Oh, dear Lord. This is likely the year where my musical tastes diverge the most wildly from whatever’s in the top 10. This was a golden age of music for me; being a college student and working in a record store, in 1996 I was constantly discovering new artists and digging deeper into others. The Smiths, Violent Femmes and Vic Chesnutt captivated me, alongside hippy-dippy groups like Live and Dave Matthews Band. However, R.E.M.’s New Adventures in Hi-Fi was released on 9/10/96, so I can tell you what I was listening to the most around my 20th birthday.
One of my CD Warehouse co-workers had been eerily prescient about the coming nationwide Macarena attack, and special-ordered the single from overseas long before the song exploded here. I remember some friends and I being confronted with the dance for the first time in a Shreveport club. Perplexed by this odd combo of vogueing and the electric slide, we gamely shuffled along for a verse or two, then cut our losses.
(PS, I found out my 1996 #1 while listening to Cage the Elephant’s Thank You Happy Birthday. The irony is not lost on me that Cage the Elephant sounds like they fell through a time warp in 1996 and ended up here, muddied and confused by the likes of Rihanna and Ke$ha.)
#1 for the week of September 22, 2001:
“I’m Real”, Jennifer Lopez featuring Ja Rule
I half-expected 9/11 to have affected the charts here, and that #1 would be Paul McCartney’s “Freedom” or that Alan Jackson song or something. I guess they didn’t move THAT fast to cash in pay tribute.
The only reason I don’t consider this the worst song on my birthday list is because we just mentioned the fucking Macarena. This song could sum up everything that was wrong with pop in the aughts. The strange dichotomy of totally blinged-out hotties talking about how “real” they are. The lazy wordplay and delivery. The chart ascendancy of a crappy singer who I always preferred as a sorta-crappy actress. (Even sadder, this was about a month after the death at 22 of Aaliyah, who could rock the sexy-sultry-breathy-funky thing about a million times better than JLo.) The presence of Ja Rule, who to my ears only had one good rap ever: his verse on Jay-Z’s hit “Can I Get A…” in 1999. This could very well be around the time when I conceded the fact that my musical preferences no longer mirrored those of the masses. In other words, I was starting to get old. And restless. By my very next birthday, I would be living in Los Angeles.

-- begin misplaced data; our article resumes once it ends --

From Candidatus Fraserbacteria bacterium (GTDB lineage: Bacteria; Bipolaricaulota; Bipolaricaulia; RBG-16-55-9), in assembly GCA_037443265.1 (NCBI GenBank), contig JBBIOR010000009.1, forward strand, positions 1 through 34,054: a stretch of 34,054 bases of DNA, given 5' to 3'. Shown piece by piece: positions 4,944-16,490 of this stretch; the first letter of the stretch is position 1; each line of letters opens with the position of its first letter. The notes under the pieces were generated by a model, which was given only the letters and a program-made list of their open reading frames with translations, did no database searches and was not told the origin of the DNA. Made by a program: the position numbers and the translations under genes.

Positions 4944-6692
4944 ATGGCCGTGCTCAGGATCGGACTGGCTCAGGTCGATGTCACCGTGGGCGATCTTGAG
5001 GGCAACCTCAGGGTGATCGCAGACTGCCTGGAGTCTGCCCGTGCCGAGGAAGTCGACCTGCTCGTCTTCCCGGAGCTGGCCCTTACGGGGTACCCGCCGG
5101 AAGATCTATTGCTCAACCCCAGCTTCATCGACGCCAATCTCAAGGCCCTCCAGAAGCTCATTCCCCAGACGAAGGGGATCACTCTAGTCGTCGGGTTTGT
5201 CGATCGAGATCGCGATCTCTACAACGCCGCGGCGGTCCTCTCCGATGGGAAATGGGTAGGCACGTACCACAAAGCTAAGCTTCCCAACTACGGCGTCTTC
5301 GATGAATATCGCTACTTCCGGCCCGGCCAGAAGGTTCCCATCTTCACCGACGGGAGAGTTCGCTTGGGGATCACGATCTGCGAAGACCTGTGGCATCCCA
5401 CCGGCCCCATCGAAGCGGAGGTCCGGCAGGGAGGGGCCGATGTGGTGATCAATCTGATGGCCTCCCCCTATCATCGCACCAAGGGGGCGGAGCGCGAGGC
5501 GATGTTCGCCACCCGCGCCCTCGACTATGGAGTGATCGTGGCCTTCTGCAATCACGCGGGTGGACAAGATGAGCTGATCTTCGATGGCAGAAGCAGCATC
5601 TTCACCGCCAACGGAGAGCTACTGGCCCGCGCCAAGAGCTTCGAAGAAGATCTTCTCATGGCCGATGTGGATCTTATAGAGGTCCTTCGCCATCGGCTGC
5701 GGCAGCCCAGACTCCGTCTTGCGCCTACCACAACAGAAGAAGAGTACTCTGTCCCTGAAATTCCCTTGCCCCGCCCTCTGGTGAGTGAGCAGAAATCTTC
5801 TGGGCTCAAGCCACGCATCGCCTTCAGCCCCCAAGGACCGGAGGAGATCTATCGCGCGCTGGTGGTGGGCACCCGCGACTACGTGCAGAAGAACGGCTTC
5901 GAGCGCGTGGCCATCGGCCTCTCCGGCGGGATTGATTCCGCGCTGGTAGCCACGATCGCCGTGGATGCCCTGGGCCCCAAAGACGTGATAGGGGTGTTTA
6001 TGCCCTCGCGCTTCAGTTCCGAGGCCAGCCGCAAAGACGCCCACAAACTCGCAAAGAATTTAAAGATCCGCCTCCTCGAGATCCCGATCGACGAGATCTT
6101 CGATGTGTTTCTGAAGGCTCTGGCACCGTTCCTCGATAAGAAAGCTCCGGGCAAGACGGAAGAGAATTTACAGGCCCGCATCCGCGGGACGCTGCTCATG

#1 for the week of September 23, 2006:
“SexyBack”, Justin Timberlake
Oh, hell yes. Haters gonna hate, but I confess that I still dig on this song. (This could be because I’ve always felt that JT ripped off Robbie Williams a little, in attitude and image, for this one.) In fact, I’m a little surprised that it’s five years old. It could mesh just as well with the top 40 today, as every song seems to share a bit of its DNA: the in-your-face militaristic beats, the non-lyric lyrics, the producer sharing equal billing with the singer. My sister insisted that I own Timberlake’s Future Sex/Love Sounds – in fact, it was a Christmas gift from her in 2006 – and if you’re willing to open your elitist hearts to it, it’s actually quite good. Music was constantly given to me in 2006. At one point, I figured that for every CD that I purchased, I was given five, entrenched as I was by this point in my local L.A. music universe. With friends like these, who needs the pop charts?
#1 for the week of September 24, 2011: “Moves Like Jagger”, Maroon 5 featuring Christina Aguilera
You know, I was afraid this was going to happen once we made it to the present day. Full disclosure: I’d never heard the song that’s currently #1. In the interest of being able to espouse an opinion here, I clicked on the handy-dandy Myspace music player on Billboard’s website and attempted to live-blog my first listen to the pop tune topping the charts for this birthday year. My reaction was…
Did they sample that “Lady” dance song?
(Post-live-blog note: you know, “Lady, give me tonight, all I need…” is, um, OK, here’s a link to what I was talking about.)
When did Maroon 5 get so dancey? Is this a remix that gained traction?
And why is Mick Jagger mentioned in all the pop hits these days?
If you’re not Mick Jagger and you attempt to move like him, you’re going to look like a doofus.
(Post-live-blog note: seriously, when were Jagger’s MOVES ever sexy?! Are people turned on by chicken-strutting?)
I just kinda danced in my seat when the chorus came around again, in spite of myself.
Adam Levine does not get the ladies with moves like Jagger. He gets them with looks like Levine.
Xtina for the breakdown! The synergy of “The Voice” at work.
Jesus, that’s a 50-megaton earworm. No wonder it’s topping the charts.
If you want to conduct the birthday song experiment yourself, go to http://www.billboard.com/charts#/charts/hot-100 and click on “View Chart Archives”. Like me, you could end up very surprised by what you find.